Jacobs emphasized that planning on a grand scale, for the city ‘as a whole’, is often damaging. Good city planning should be “concerned with relatively small and specific interventions done here and there in specific streets, neighborhoods, and areas”. She resisted top-down structures such as commissions and authorities, which don't comprehend the complexities of a locality. Instead, she proposed decentralized planning by empowered municipal bodies.
"The much bigger challenge is political: deciding for whom to design and whose interest to prioritize"
Here in Nepal, In 2012, instead of fixing the coordination inadequacies of already existing urban planning bodies, an autonomous Kathmandu Valley Development Authority was established. Primarily created to expedite road-expansion and urban-development projects, it usually works in an authoritarian manner—avoiding community consultations, ignoring locality needs, and bypassing local government. Jane Jacobs fought against such approaches.
Jane Jacobs has influenced generations of urbanists and shaped urban planning around the world. She pioneered the idea of city planning as a placemaking, where people reimagine and create their community space as public realm. Never before were people and democratic values as important in city planning.
Because of the Covid-19 pandemic, cities around the world are reimagining urban space and repurposing streets for the better. So should Kathmandu. Most importantly, we need to rethink how we create a healthy, inclusive, and equitable city.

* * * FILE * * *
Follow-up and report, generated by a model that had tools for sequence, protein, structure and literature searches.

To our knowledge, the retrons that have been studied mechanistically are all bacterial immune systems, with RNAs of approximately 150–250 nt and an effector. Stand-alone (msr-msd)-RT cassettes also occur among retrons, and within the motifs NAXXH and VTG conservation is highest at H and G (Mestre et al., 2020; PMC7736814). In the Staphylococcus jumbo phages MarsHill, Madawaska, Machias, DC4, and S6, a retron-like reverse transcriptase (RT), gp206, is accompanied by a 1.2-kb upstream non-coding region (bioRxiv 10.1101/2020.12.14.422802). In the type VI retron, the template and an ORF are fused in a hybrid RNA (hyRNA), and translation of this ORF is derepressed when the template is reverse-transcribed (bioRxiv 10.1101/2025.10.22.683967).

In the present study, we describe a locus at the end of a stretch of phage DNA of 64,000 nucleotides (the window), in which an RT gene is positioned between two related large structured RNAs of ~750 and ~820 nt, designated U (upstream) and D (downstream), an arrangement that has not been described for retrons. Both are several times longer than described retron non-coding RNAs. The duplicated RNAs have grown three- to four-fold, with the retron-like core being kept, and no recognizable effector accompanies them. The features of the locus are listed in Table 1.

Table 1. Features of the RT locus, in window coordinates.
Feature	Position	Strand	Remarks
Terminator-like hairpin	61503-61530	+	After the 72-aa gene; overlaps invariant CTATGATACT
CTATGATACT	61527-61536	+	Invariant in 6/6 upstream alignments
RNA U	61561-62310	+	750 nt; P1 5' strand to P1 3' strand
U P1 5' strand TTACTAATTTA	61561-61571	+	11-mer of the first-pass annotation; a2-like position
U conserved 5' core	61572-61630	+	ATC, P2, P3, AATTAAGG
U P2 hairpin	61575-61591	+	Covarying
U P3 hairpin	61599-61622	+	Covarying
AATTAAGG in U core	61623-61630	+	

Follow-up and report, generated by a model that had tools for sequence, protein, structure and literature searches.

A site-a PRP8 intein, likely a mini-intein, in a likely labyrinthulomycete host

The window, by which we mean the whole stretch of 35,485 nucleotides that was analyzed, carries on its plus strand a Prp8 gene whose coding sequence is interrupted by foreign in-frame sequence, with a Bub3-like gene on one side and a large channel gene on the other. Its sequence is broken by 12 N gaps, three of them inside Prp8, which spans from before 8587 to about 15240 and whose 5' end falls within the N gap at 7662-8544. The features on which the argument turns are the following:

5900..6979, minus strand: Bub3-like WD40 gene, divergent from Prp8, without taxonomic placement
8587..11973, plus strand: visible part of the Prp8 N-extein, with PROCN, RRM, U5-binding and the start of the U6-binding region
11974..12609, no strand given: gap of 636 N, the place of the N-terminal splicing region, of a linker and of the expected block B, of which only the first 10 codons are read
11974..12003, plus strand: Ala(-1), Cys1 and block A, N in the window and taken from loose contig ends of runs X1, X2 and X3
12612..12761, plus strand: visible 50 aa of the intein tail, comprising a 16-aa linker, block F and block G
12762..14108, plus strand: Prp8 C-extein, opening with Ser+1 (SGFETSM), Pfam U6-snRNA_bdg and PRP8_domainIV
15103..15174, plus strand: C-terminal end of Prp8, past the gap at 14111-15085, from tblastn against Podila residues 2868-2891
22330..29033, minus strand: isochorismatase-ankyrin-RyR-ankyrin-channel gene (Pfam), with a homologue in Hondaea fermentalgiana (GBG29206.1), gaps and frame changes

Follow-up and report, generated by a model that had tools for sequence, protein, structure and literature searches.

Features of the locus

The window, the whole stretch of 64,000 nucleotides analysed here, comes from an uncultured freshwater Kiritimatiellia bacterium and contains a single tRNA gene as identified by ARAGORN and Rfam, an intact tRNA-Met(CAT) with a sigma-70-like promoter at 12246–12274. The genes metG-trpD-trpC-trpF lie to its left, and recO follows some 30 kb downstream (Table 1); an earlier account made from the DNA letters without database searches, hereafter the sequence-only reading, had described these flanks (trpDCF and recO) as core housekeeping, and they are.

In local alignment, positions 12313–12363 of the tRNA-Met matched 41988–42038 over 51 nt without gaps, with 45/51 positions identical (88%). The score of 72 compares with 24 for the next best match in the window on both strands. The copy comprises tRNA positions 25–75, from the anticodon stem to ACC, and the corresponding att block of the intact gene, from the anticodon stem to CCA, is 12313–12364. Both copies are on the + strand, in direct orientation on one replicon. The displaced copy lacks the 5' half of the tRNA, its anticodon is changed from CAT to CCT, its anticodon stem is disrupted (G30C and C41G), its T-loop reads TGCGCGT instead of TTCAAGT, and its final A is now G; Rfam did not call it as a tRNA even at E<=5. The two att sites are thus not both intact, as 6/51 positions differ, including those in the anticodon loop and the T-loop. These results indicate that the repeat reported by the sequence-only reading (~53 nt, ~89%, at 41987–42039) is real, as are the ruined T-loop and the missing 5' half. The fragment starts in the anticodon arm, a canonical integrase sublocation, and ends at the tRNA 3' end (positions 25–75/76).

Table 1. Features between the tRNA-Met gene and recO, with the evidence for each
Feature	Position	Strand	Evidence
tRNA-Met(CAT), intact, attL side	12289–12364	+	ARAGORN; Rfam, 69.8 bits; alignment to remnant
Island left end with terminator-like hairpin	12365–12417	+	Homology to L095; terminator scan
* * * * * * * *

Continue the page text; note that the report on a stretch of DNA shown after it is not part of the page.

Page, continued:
This pandemic gives us an unprecedented opportunity to make the city more walker-friendly, including turning urban cores into pedestrian-only zones. Kathmandu Valley’s historic cores, with public spaces and alleys traditionally designed for people, are what makes this city unique. We need the city to invest in building wider sidewalks, safer cycle lanes, and convenient public transportation, not on widening roads and flyovers that benefit the wealthy few at the expense of many. City governments require an institutional setup to specifically oversee transport planning works, which is currently lacking.
Many Nepalis view walking and cycling as ‘low status,' as being beneath cars. That needs to change. Walkable, cyclable cities are the cities of the future. The more walkable a city, the more vibrant its democracy. Transport policy should be about social equity as much as it is about mobility service, health, environment, and economy.
Technically, designing a people-friendly city is easy. The much bigger challenge is political: deciding for whom to design and whose interest to prioritize. Doing so requires understanding and political will—a will to pivot from the present modern car-centric approach to planning. City residents and the city government should understand that modernization is not always necessarily good.
The other challenge is the planning process—who makes the plans, how, and for whom. Right now, a tiny minority decides how we live and move in the city. Unless we make the policy-making and planning process fully democratic, it is impossible to imagine a city that works for everyone.
What’s extraordinary about Jane Jacobs’s ideas of city planning is her focus on ordinary urban concerns and people—what makes cities unique and vibrant and people-friendly, how sidewalks do more than just move pedestrians, and how good planning requires citizen input. Planners and policymakers who overlook these priorities risk big failures.
As Kathmandu embraces the same car-centric urban planning that the US rushed towards 60 years ago, Jacobs’s ideas and principles are more important than ever.
Prashanta Khanal Prashanta Khanal works in urban transport, air quality management, climate change, and sustainable cities.